Adelaide River has been well backed for the Paddy Power Stakes (4.30pm) and it’s easy to see why as the ground has come in his favour for this drop in grade.
However, he’s won just one of his eight lifetime starts and has stamina doubts to overcome, with his two best runs this year coming in slowly run versions of the Irish Derby and Grand Prix de Paris.
I’d rather be against him than with him at the prices, but with seven runners and just two places, it’s more attractive to lay the favourite than oppose him with an each-way alternative.
The Comer Group International St Leger (4.35pm) is the nominal feature at the Curragh on Sunday and the most valuable race on the card, but it doesn’t set the pulse racing the way the two Group One juvenile races promise to do.
Only five go to post, with Kyprios the only genuine star in the field. A winner of eight of his 10 lifetime starts, he’s by far the best horse in the field but has a lengthy absence to overcome.
The five-year-old has scored on each of his seasonal debuts, but this reappearance comes on the back of a spell on the sidelines due to injury and his wellbeing and how forward he is has to be taken on trust.
Stablemate Emily Dickinson is second-best in the market but has shown a preference for softer going than she will experience here, while Yashin had a hard race in the Ebor just 15 days ago.
Eldar Eldarov hasn’t built on his comeback this season, but a drop in trip and better ground make him the best alternative to the favourite should he need the run, while in-form Dawn Rising could outrun his odds.
The Al Basti Equiworld, Dubai Flying Five Stakes (2.55pm) is, as the market suggests, likely to be between Highfield Princess and Bradsell, with preference for the latter due to the discrepancy in prices.
City Of Troy should justify his status as odds-on favourite in the Goffs Vincent O’Brien National Stakes (4.00pm) and his greatest threat may come from Bucanero Fuerte rather than Henry Longfellow, despite the former being longer in the betting.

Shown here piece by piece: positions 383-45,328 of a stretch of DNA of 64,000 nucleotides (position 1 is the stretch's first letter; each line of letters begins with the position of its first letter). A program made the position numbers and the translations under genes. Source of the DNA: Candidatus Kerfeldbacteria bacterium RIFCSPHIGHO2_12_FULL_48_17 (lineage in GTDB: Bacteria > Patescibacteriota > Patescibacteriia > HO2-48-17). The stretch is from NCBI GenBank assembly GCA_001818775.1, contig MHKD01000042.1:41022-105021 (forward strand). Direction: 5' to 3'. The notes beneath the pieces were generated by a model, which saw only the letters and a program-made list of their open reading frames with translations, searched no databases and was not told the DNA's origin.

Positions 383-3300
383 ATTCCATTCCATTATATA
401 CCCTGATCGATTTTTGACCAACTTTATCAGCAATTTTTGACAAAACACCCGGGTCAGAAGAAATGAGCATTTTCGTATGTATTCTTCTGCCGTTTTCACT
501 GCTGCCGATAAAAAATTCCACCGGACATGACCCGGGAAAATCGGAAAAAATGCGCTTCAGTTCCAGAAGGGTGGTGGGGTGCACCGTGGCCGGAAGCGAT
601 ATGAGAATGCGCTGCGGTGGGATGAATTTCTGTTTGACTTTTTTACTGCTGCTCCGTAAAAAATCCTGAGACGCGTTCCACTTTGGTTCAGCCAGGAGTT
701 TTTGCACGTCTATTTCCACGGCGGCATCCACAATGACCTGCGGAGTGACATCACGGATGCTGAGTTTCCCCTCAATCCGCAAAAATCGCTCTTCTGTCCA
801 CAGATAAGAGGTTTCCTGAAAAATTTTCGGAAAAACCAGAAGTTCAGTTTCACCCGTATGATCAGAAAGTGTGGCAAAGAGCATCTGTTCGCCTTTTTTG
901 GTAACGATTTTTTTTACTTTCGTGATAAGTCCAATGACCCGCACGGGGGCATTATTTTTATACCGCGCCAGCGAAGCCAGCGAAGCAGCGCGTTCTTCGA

After tentative and speculative selections across two days of action, there is one horse that I’ve actually backed and expect a huge run from in the Moyglare Stud Stakes (3.25pm), and it’s not race favourite Ylang Ylang.
Willie McCreery’s VESPERTILO chased Ylang Ylang home on her penultimate start in the Silver Flash Stakes at Leopardstown after an eyecatching display on debut at Fairyhouse.
Still a maiden, Vespertilio was conservatively ridden at the rear, with the goal presumably to place and secure valuable black type behind a much-vaunted rival that was sent off the 1-4 favourite.
That goal was achieved in fairly spectacular fashion, with Billy Lee’s mount quickening in remarkable style over the last two furlongs.
The task of reeling in the favourite was an insurmountable one. It would have taken a Pegasus-like performance to overhaul Ylang Ylang, who had already shot several lengths clear, and one would imagine if Lee knew then what he knows now, that he would ride the race a little differently.
Similar exaggerated waiting tactics were adopted in the Debutante Stakes last time out, but this time a motionless Lee was within a couple of lengths of the leaders passing the two pole and upsides a furlong out before scoring by a comfortable length and three-quarters.
Ylang Ylang may be the best horse in the race, but seven furlongs may already be an inadequate trip for her and next year her optimum distance is likely to be between 10 and 12 furlongs.
This isn’t a one-horse race and I’d be surprised if she hasn’t drifted from odds-on to odds against by race time.
Fallen Angel has won two of her three starts, finding only the impressive and undefeated Shuwari too good on her penultimate start, while Red Viburnum made a taking debut in a hot Curragh race featuring the undefeated A Lilac Rolla and subsequent Group Three winner Opera Singer.
Much like Ylang Ylang, Red Viburnum boasts plenty of stamina in her pedigree and could be a danger in a strongly run race.
Porta Fortuna won at Royal Ascot before coming home a well-held second in the Phoenix Stakes last time out, but could improve for the faster surface, while big outsider She’s Quality will also love the ground but looks more of a six-furlong horse.
With nine runners and an odds-on favourite, this is an ideal race for each-way betting, and it’s surprising that Vespertilio remains an each-way price at 5-1.
Her style of racing and her turn of foot mean that even if winning proves beyond her, she should hopefully still run into a place.
Like many of the runners in the field, we’ve no idea how she’d handle very quick ground, if that materialises, but there’s nothing in her pedigree to indicate she wouldn’t and she shows little in the way of knee action.
When racing at the highest level, you could quibble that a gap between races of more than 22 days would be preferable, but plenty of Debutante Stakes runners in the past have gone on to take the Moyglare.
NAP Vespertilio (5-1) E/W
NB City Of Troy 4-5
Watch the Irish Champions Festival from 2pm on Saturday and 2.15pm on Sunday on RTÉ2 and RTÉ Player